Laura Theresa Alma-Tadema
(1852 C 15 August 1909 in Hindhead) was from 1871 the second wife of the painter Lawrence Alma-Tadema and a painter in her own right.
A daughter of Dr George Napoleon Epps (who was brother of Dr John Epps), her two sisters were also painters (Emily studied under John Brett, a Pre-Raphaelite, and Ellen under Ford Madox Brown), whilst Edmund Gosse and Rowland Hill were her brothers-in-law. It was at Madox Brown's home that Alma-Tadema first met her in December 1869, when she was aged 17 and he 33. (His first wife had died in May that year.) He fell in love at first sight,and so it was partly her presence in London (and partly the fact that only in England had his work consistently sold) that influenced him into relocating in England rather than elsewhere when forced to leave the continent by the outbreak of the Franco Prussian War in July 1870. Arriving in London at the beginning of September 1870 with his small daughters and sister Artje, Alma-Tadema wasted no time in contacting Laura, and it was arranged that he would give her painting lessons. During one of these, he proposed marriage. As he was then thirty-four and Laura was now only eighteen, her father was initially opposed to the idea. Dr Epps finally agreed on the condition that they should wait until they knew each other better. They married in July 1871 and, though this second marriage proved childless, it also proved enduring and happy, with Laura acting as stepmother to her husband's children by his first marriage.
The Paris Salon in 1873 gave Laura her first success in painting, and five years later, at the Paris International Exhibition, she was one of only two English women artists exhibited. Related Paintings of Laura Theresa Alma-Tadema :. | Hadrian Visiting a Romano | A Pyrrhic Dance Sir Lawrence Alma | The finding of Moses | Not at Home Sir Lawrence Alma | Tarquinius Superbus Sir Lawrence Alma Tadema |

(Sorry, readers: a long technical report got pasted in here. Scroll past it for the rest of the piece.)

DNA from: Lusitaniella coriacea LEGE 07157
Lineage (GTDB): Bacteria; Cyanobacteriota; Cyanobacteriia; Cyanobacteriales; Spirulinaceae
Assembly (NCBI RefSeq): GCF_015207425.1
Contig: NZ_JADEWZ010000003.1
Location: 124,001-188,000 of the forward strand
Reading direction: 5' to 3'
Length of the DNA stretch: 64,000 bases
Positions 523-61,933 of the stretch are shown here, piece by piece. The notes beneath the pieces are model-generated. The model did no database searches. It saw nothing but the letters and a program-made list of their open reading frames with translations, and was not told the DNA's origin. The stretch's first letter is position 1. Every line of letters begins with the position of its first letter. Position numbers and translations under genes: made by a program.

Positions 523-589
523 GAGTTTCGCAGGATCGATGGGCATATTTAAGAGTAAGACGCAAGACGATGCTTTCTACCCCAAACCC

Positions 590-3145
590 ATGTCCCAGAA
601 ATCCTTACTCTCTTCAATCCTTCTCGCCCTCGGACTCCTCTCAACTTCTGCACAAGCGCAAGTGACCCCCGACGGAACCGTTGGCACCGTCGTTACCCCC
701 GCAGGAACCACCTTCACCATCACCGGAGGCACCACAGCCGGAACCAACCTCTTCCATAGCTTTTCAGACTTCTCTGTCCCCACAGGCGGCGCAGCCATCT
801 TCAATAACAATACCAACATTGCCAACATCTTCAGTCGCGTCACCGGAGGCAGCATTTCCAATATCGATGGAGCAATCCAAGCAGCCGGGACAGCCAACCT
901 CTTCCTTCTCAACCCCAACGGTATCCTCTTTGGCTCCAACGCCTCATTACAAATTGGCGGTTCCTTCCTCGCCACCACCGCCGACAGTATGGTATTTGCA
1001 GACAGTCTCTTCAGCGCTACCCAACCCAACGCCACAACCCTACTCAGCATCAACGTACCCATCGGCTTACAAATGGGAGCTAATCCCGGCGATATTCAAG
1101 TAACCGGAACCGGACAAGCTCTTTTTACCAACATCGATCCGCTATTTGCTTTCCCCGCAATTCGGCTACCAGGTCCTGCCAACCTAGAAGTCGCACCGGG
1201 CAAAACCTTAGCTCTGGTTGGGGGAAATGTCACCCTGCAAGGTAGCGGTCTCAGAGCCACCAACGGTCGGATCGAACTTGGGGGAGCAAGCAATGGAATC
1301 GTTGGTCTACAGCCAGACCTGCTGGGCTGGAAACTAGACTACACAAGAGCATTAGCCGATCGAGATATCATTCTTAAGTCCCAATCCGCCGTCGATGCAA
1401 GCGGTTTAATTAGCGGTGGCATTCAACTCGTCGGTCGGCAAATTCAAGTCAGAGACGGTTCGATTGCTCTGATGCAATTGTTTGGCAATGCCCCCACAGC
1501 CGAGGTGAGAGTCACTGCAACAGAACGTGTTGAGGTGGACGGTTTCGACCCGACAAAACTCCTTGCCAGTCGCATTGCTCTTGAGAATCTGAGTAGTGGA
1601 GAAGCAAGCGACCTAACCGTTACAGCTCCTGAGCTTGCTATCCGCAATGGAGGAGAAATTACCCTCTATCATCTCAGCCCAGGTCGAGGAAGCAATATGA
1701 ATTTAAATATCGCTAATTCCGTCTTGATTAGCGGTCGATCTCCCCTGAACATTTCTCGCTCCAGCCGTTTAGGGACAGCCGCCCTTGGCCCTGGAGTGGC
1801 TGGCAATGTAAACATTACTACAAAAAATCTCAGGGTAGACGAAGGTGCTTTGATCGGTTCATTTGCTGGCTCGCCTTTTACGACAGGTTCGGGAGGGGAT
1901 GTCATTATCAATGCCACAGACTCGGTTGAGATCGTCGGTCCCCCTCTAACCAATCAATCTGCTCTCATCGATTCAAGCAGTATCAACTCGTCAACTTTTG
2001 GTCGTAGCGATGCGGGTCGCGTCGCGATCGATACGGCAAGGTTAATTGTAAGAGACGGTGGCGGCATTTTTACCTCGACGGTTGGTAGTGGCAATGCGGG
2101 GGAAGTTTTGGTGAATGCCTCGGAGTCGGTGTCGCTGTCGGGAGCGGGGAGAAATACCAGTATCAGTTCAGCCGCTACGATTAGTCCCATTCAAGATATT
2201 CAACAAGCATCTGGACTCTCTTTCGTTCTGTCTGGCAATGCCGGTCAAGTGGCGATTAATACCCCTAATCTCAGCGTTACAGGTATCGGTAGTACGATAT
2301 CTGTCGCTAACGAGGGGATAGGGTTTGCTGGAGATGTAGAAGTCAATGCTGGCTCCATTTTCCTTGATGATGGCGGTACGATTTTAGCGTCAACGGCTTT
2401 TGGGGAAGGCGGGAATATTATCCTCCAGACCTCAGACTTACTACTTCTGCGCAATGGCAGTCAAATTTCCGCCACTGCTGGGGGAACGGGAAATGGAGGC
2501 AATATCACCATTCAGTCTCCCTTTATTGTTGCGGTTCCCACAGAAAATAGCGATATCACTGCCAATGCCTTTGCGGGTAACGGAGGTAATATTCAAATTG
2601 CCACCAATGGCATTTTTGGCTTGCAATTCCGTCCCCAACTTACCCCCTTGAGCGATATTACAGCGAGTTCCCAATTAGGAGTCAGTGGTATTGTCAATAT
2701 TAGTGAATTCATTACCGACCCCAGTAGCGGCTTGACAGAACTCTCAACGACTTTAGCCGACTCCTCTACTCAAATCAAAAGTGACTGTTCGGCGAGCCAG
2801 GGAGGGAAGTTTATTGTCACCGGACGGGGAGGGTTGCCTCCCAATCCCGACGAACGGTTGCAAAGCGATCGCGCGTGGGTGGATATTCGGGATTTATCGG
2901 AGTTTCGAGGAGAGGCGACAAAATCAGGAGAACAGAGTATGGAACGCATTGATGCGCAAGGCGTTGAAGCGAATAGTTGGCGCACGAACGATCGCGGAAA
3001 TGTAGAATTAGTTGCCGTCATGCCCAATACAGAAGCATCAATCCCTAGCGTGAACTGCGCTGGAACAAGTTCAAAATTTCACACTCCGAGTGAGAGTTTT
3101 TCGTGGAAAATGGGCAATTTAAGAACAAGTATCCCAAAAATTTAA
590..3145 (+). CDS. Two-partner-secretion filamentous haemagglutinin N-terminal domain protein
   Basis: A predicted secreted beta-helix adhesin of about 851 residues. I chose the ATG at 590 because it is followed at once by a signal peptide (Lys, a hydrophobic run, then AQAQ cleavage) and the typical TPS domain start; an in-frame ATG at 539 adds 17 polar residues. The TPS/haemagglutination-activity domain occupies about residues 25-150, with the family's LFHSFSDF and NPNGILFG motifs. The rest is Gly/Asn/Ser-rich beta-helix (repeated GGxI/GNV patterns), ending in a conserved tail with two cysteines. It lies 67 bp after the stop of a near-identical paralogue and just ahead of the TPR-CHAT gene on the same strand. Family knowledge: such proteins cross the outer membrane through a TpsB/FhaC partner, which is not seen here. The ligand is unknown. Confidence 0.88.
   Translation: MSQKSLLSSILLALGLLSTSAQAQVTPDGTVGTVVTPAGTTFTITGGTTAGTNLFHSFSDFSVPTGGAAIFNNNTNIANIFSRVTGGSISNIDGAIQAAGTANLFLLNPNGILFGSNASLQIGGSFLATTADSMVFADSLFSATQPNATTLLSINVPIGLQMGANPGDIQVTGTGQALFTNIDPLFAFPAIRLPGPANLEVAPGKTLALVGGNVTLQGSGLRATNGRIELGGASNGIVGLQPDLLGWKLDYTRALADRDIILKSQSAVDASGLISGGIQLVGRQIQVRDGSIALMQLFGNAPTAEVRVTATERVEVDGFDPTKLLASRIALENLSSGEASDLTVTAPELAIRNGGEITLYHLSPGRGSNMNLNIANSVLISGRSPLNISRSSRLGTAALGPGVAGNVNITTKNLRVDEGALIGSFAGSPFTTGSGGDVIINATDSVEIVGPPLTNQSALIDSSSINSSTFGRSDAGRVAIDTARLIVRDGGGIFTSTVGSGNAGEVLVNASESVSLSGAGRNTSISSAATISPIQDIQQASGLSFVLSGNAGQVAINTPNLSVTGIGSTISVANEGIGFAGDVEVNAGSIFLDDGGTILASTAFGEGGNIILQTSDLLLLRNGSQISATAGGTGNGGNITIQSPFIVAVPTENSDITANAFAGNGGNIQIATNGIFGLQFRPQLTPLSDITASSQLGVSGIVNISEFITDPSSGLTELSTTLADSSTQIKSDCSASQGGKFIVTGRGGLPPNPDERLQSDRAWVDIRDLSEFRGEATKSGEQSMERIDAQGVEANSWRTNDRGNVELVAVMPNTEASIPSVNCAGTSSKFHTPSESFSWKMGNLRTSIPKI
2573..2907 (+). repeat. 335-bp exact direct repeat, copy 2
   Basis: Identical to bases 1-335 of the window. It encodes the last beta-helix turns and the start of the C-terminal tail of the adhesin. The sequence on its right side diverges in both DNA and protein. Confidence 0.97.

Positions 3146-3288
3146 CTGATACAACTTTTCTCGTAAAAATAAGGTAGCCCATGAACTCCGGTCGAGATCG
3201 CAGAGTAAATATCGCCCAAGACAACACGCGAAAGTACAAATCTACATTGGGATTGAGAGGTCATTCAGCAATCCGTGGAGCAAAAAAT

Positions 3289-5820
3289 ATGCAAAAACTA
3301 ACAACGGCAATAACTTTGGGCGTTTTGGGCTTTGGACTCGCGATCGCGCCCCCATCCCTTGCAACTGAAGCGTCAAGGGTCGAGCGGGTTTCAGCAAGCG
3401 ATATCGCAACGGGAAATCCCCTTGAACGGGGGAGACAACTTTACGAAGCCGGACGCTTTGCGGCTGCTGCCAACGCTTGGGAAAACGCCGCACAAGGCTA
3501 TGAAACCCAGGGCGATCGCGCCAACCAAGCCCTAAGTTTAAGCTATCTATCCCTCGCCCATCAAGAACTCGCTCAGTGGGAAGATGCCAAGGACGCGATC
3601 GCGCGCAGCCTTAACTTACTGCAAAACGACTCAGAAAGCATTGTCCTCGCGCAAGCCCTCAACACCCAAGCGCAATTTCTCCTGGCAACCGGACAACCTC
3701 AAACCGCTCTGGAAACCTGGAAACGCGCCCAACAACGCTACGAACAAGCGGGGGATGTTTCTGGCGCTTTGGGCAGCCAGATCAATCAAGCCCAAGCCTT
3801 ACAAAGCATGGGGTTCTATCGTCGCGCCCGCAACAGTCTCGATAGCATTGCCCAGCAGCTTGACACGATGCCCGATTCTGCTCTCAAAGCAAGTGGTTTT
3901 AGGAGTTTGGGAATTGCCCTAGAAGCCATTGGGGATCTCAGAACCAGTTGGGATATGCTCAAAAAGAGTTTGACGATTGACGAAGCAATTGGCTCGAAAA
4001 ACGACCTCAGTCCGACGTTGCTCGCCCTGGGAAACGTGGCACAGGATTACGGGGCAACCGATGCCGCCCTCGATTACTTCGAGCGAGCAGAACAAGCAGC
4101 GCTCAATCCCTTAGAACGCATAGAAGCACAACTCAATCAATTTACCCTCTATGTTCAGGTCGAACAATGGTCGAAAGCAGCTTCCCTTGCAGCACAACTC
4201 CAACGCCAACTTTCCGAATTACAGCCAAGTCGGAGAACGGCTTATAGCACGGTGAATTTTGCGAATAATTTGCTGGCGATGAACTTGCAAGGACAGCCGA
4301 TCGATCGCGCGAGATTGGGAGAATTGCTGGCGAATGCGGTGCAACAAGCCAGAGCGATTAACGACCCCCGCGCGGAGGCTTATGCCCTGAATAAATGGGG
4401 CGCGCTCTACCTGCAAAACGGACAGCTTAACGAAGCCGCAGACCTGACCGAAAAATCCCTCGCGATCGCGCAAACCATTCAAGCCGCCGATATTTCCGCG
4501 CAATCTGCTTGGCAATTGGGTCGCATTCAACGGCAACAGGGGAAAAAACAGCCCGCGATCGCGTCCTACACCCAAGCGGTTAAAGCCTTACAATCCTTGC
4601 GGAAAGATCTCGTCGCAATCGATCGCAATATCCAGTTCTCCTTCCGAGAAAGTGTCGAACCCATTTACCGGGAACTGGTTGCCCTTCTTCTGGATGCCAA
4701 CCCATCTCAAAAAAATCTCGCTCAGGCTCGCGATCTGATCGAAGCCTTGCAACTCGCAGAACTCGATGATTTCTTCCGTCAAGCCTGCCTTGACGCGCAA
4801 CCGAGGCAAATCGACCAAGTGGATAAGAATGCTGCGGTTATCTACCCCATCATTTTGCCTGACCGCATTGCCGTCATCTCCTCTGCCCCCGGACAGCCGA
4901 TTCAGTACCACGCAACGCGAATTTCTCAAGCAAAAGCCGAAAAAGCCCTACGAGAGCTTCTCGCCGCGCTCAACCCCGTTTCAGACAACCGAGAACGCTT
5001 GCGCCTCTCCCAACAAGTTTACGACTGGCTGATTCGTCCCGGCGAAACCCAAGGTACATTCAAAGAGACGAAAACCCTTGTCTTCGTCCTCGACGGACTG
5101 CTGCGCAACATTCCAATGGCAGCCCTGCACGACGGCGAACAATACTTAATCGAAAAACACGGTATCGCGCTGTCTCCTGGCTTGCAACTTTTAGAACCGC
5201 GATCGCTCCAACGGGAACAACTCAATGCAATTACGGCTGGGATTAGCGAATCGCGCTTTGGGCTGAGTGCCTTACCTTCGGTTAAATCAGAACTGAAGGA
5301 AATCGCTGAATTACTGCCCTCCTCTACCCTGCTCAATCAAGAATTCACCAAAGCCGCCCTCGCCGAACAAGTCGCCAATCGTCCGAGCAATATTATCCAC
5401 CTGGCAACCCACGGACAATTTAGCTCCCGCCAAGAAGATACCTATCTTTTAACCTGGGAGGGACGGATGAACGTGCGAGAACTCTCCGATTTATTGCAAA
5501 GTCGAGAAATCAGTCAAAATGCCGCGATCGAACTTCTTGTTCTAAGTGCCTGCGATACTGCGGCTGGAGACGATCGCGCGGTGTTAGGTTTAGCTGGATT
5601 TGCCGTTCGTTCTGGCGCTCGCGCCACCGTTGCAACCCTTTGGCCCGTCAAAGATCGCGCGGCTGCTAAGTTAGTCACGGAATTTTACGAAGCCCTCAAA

Related Artists:Archduke Rudolf of Austria
Rudolf Johannes Joseph Rainier von Habsburg-Lothringen, Archduke and Prince Imperial of Austria, Prince Royal of Hungary and Bohemia (8 January 1788 - 24 July 1831) was a Cardinal, an Archbishop of Olomouc, and a member of the House of Habsburg-Lorraine.
Born in Pisa, Italy, he was the youngest son of Emperor Leopold II and Maria Louisa of Spain. He was elected archbishop of Olomouc in 1819 and became cardinal in the year 1820.
In 1803 or 1804, Rudolf began taking lessons in piano and composition from Ludwig van Beethoven. The two became friends, and Rudolph became a supporter and patron of Beethoven; their meetings continued until 1824. Beethoven dedicated 14 compositions to Rudolph, including the Archduke Trio, the Hammerklavier Sonata, the Emperor Concerto and the Missa Solemnis. Rudolph, in turn, dedicated one of his own compositions to Beethoven. The letters Beethoven wrote to Rudolph are today kept at the Gesellschaft der Musikfreunde in Vienna.
On 24 March 1819 he was appointed, at the age of 31, Archbishop of Olomouc in the present day Czech Republic but then part of the Austrian Empire. He was made Cardinal-Priest of the titular church of S. Pietro in Montorio by Pope Pius VII on 4 June 1819. He was ordained a priest on 29 August 1819, and consecrated a bishop on 26 September.
In 1823 - 24, he was one of the 50 composers who composed a variation on a waltz by Anton Diabelli for Vaterländischer Kenstlerverein. In Rudolf's case, the music was published anonymously, as by "S.R.D" (standing for Serenissimus Rudolfus Dux).
Cesar De Cock
painted Landscape by the River Lys in 1863Jacopo Bellini
active in Florence 1423-Venice 1470